The weather is frightful, the spuds have blight and scab, the compost won’t heat up and to cap it off the solar panel arrived and is bigger than expected. Chin up!
The weather has turned quite nasty – rain and strong winds. Not the weather to be outside if you can avoid it. So I’m staying under cover until things improve.
Outside I’ve got the hatches battened down, so to speak. The Vitavia greenhouse doors are held shut with spring clamps. Plastic chairs stacked in a sheltered corner. Polytunnel secure. That’s about all I can do now apart from keep my fingers crossed.
At least this gives me a chance to test out the windbreak fence before the new Eden greenhouse gets built. It would be the final straw if the wind blew the windbreak into the new greenhouse.
Before the weather changed I managed to harvest my late planted early potatoes fro a raised bed. A pretty good yield of Arran Pilot and Charlotte. I’d guess 30 Kg in total. Apart from being ready, they needed to come up quickly as blight has struck.
My non-Sarpo potatoes in the walled veg garden have gone down too. Estima and Orla. I planned to cut the haulm off at least but ran out of time. I’m not surprised as I’ve had lots of blight warnings.
You can get free personalised notifications when blight is likely (a Hutton Period ). I think the site is aimed at farmers who can rush out with all those lovely sprays us gardeners aren’t allowed to buy before the blight strikes. But, they’ll send the warning to home growers so thank you! Blightwatch
Tomato Blight Too!
My bush plum tomatoes that were doing so well in the polytunnel have also come down with the blight. I expect the spores blew in through the open door. They were just starting to ripen. We’ve had 5 tomatoes and may be able to ripen some of the unaffected green ones inside.
I need to put my thinking cap on if we’re ever going to get a decent crop of plum tomatoes here. The cordon varieties in the greenhouse are OK so far.. touch wood.
My Charlotte potatoes are quite badly scabbed. It doesn’t make them inedible but it does make them look unappetising. The pH is right but I may have used too much fertiliser. Hopefully next year I’ll have enough compost to just grow in that and maybe it will stop. Common Potato Scab
I hurriedly harvested the onions before the weather change. It’s pointless setting up the drying rack outside if they’re going to get soaked with rain so I’ll settle for getting them in to the big shed for now.
New Compost Bin Trial
I topped up my new compost bin that I’m trialling for Soilfixer with a mixture of grass clippings and bark peelings that had been in the chicken run and some torn up cardboard. To further push things along, added compost activator and some raw biochar. The problem with grass clippings is their tendency to clump into an impenetrable mat that doesn’t rot down.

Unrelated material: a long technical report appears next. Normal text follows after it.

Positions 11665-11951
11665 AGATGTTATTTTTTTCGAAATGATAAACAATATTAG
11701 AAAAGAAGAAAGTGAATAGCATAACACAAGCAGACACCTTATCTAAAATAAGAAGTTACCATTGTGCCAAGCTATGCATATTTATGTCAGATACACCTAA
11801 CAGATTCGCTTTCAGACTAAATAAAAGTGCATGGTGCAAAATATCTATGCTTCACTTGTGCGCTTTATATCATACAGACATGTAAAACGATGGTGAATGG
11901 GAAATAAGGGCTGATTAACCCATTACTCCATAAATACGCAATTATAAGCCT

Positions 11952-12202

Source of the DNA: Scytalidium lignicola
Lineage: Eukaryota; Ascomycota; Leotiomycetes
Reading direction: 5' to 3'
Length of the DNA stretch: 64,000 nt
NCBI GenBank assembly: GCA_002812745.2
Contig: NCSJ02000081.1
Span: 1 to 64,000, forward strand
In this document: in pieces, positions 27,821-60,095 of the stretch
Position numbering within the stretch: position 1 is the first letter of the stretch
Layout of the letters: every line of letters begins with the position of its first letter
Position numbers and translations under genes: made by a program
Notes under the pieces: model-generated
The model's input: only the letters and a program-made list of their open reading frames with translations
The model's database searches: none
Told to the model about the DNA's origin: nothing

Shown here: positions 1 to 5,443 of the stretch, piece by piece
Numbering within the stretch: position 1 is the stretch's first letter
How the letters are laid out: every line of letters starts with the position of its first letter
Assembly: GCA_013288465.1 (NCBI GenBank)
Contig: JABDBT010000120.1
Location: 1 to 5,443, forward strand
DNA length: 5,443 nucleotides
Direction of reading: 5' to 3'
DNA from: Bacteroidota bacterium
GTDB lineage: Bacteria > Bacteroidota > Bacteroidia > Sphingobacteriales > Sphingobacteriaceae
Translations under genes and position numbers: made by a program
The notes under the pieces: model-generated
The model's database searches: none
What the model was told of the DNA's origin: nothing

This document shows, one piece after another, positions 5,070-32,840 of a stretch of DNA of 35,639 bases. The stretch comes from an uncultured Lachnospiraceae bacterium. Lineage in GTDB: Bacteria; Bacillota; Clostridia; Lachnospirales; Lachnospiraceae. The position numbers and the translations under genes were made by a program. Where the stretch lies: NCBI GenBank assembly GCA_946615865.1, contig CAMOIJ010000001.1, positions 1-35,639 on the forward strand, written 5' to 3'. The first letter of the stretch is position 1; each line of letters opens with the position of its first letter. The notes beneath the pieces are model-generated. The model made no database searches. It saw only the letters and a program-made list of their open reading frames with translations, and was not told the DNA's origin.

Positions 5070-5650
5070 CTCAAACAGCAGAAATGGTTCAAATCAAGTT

Mixing with the bark peelings from the chicken run keeps the clippings loose, adds balancing carbon along with the cardboard and manure to really kickstart it. The biochar helps keep it loose as well. This mix should, therefore, enable it to heat up and compost quickly.
The temperature stubbornly refuses to rise above 45ºC I want 55ºC as a minimum and preferably 60ºC for a week. The bark peelings have kept the mixture loose and there’s a lot of fungal mycelium which is good. The only reason I can think of is lack of oxygen to fuel the aerobic bacteria.
The insulation the bin has should certainly be sufficient to hold the heat and get the heap heating up even in cold weather. I’ve discussed this with Tony Callaghan from Soilfixer and I’m going to add some additional ventilation using corrugated drainage pipe I’ve got in channels at the base. (Demonstrating the benefits of never throwing anything away in case it becomes useful one day!)
Not looking forward to emptying the bin and rebuilding the heap. 1,000 litres is quite a large amount to shift. But, if this works it will enable me to make large quantities of top quality compost quickly.
Solar Cooling System
The fans arrived last week, two 12V, 120 watt 12 inch fans. I think they’ll be enough to keep the polytunnel temperature below 30ºC when it’s sunny and hot. The existing 80 watt fan will move to the other end of the tunnel to push air in. In theory the airflow down the tunnel will increase, further helping the cooling.
The 260 watt solar panel has now arrived. It’s actually a lot bigger than I expected – I should have thought.. or at least asked! As it’s 1 metre by 1.65 metres, I’ll need to build a larger support frame than I thought, but it shouldn’t be an insurmountable problem.